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If You Want to Write

For the past few weeks I’ve been reading a book titled, you guessed it, If You Want to Write, by Brenda Ueland. As I’ve been working on my creative non-fiction book over the past year, I have realized that although I love writing, it’s difficult for me to write with a clear, unaffected, honest voice. I think and feel so many things as I begin to write, but I struggle to try to manifest these abstracts into sentences. I find myself hemming and hawing and qualifying my words before I finally get around to saying what I want to.

To remedy this, I’ve been searching for good books about the writing process. I stumbled upon Ueland’s book by accident and have loved every page of it. She argues that anyone has the ability to write well, that it is a person’s timidity, fear, the notion that he must make a certain impression, and ego that often get in the way. Ueland explains that if the author is not being true to herself, readers can detect this insincerity before they’ve finished the first paragraph. On the other end of the spectrum, when the author is forthcoming and direct, it is apparent. The reader can’t help but consume the author’s words.

Every night, after I set the book down beside my bed, I think to myself: “I will be the most truthful person tomorrow when I attempt to write again.  I won’t worry about how exciting my story is, or try to be funny, I will just write. I can’t wait to get started.” However, when the next day comes, I might go along nicely for a little while, but inevitably I hit a wall that no amount of honesty seems to be able to break through. I am hoping it’s one of those things that gets easier with practice, but somehow I have a feeling this isn’t the case. I’m afraid the struggle to find and express truth is an on-going battle, and that one must pick up their sword to fight for it anew each day.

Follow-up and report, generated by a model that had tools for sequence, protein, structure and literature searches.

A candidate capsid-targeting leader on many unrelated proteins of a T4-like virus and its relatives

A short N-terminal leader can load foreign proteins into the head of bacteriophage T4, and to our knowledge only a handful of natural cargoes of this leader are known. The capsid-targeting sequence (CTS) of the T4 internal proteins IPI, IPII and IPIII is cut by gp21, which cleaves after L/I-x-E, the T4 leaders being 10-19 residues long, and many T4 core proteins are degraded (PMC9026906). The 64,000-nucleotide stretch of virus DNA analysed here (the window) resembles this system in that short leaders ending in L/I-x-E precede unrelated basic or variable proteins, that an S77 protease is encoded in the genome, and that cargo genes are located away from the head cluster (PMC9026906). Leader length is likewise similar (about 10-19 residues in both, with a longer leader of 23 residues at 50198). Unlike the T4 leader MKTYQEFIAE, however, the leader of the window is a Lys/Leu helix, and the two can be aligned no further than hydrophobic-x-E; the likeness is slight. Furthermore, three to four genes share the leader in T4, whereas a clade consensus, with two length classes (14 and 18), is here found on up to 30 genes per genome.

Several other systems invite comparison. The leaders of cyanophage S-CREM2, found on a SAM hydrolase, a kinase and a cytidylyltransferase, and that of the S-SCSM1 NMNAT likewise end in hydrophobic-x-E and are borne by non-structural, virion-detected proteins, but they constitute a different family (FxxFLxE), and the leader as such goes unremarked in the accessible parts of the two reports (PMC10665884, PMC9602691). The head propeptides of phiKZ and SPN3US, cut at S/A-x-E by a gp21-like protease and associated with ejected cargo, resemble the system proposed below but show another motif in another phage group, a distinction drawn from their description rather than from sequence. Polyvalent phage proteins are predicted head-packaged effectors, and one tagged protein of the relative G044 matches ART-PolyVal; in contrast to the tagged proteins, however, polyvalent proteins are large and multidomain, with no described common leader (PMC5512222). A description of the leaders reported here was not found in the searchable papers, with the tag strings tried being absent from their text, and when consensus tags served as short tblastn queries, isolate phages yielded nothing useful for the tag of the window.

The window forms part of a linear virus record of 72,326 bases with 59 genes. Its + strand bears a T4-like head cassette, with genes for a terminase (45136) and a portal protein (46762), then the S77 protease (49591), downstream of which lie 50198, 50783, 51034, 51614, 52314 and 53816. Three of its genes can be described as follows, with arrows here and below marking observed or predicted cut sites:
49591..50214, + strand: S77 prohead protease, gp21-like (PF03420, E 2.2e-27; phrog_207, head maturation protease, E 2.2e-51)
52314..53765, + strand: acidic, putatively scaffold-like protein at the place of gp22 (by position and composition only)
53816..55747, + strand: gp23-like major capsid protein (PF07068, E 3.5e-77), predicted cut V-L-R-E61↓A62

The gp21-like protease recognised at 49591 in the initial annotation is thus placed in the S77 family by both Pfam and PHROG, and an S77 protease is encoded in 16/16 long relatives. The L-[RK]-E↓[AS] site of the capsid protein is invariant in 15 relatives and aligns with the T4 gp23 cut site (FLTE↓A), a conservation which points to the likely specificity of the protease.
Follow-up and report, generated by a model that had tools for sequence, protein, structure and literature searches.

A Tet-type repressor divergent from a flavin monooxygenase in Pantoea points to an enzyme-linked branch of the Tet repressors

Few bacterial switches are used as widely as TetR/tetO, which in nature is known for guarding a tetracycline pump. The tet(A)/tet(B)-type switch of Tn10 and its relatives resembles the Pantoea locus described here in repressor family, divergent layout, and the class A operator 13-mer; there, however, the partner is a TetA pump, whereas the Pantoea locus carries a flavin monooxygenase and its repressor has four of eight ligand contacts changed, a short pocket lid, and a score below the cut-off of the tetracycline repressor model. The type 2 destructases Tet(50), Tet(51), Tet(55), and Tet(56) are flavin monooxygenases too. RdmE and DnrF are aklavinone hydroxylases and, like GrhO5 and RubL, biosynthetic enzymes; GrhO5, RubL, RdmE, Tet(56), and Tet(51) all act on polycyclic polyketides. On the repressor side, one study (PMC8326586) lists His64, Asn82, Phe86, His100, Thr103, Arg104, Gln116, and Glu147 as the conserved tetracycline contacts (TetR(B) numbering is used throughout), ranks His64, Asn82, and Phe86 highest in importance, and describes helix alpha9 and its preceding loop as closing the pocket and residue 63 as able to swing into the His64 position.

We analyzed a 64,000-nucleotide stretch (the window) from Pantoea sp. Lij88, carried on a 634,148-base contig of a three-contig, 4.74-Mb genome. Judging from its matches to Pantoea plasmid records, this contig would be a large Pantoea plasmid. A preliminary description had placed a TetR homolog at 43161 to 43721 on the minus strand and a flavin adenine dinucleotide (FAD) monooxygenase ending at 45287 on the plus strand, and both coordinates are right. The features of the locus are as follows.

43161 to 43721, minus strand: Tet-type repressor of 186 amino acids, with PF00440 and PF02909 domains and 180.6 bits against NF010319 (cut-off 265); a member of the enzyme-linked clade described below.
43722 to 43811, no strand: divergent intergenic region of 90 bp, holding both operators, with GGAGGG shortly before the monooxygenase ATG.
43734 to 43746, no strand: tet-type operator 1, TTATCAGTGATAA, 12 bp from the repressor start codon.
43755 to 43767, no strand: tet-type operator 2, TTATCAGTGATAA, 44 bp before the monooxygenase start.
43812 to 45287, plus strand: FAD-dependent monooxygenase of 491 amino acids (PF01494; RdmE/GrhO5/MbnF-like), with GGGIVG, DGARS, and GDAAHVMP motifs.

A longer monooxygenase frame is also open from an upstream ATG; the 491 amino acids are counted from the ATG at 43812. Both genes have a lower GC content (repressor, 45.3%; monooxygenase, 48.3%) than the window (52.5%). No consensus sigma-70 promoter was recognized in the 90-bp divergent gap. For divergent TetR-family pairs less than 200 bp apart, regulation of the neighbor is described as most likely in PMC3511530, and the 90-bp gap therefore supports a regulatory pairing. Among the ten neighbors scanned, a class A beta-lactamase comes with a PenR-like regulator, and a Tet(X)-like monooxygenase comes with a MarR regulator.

Ueland has found beauty in this pursuit, and in Chapter 2 entitled Imagination is the Divine Body in Every Man, she tells her reader, “I want to assure you with all earnestness that no writing is a waste of time- no creative work where the feelings, the imagination, the intelligence must work. With every sentence you write you have learned something. It has done you good. It has stretched your understanding. I know that. Even if I knew for certain that I would never have anything published again, and would never make another cent from it, I would still keep on writing.”  I want that conviction. To hold onto the simple joy of writing as something I do every day to let my soul breathe.

Sadly, her book is coming to an end, and I’m on the hunt for more fuel to keep me motivated. So if any of you guys have recommendations, please do pass them along!

4 Responses to “If You Want to Write”

  1. Trevor says:

    She took the “truth” lines from Hemingway. He was obsessed with true sentences. “All you have to do is write one true sentence. Write the truest sentence you know.”. Read biographies of writers and interviews with writers to reveal their process and in time it might help you find yours. It will certainly ignite you in a way books like the one above won’t. The Paris Review has online a wonderful collection of interviews from many authors. You will find many of the greats struggle(d) too. In fact, most seem(ed) to average only 500 to 1000 words a day, which is nothing, scarcely a page. Stephen King has a great book called “On Writing”.

  2. Jennifer Holcomb says:

    It’s funny how all writers seem to twist themselves into the same shapes. When I’m feeling down on my own “skill,” I like to pick up the author books too. Stephen King’s is really one of my favorites (probably most favorite), even though I’m not a big fan of his work. Joyce Carol Oates’ is good as well. Anne Lamott. Strunk & White. I can’t wait to take a look at the Paris Review now too.

    The issue is not your talent or ability, but it could be your censor. You are a really good writer. You know what to do. Write a lot. Wear the censor out.

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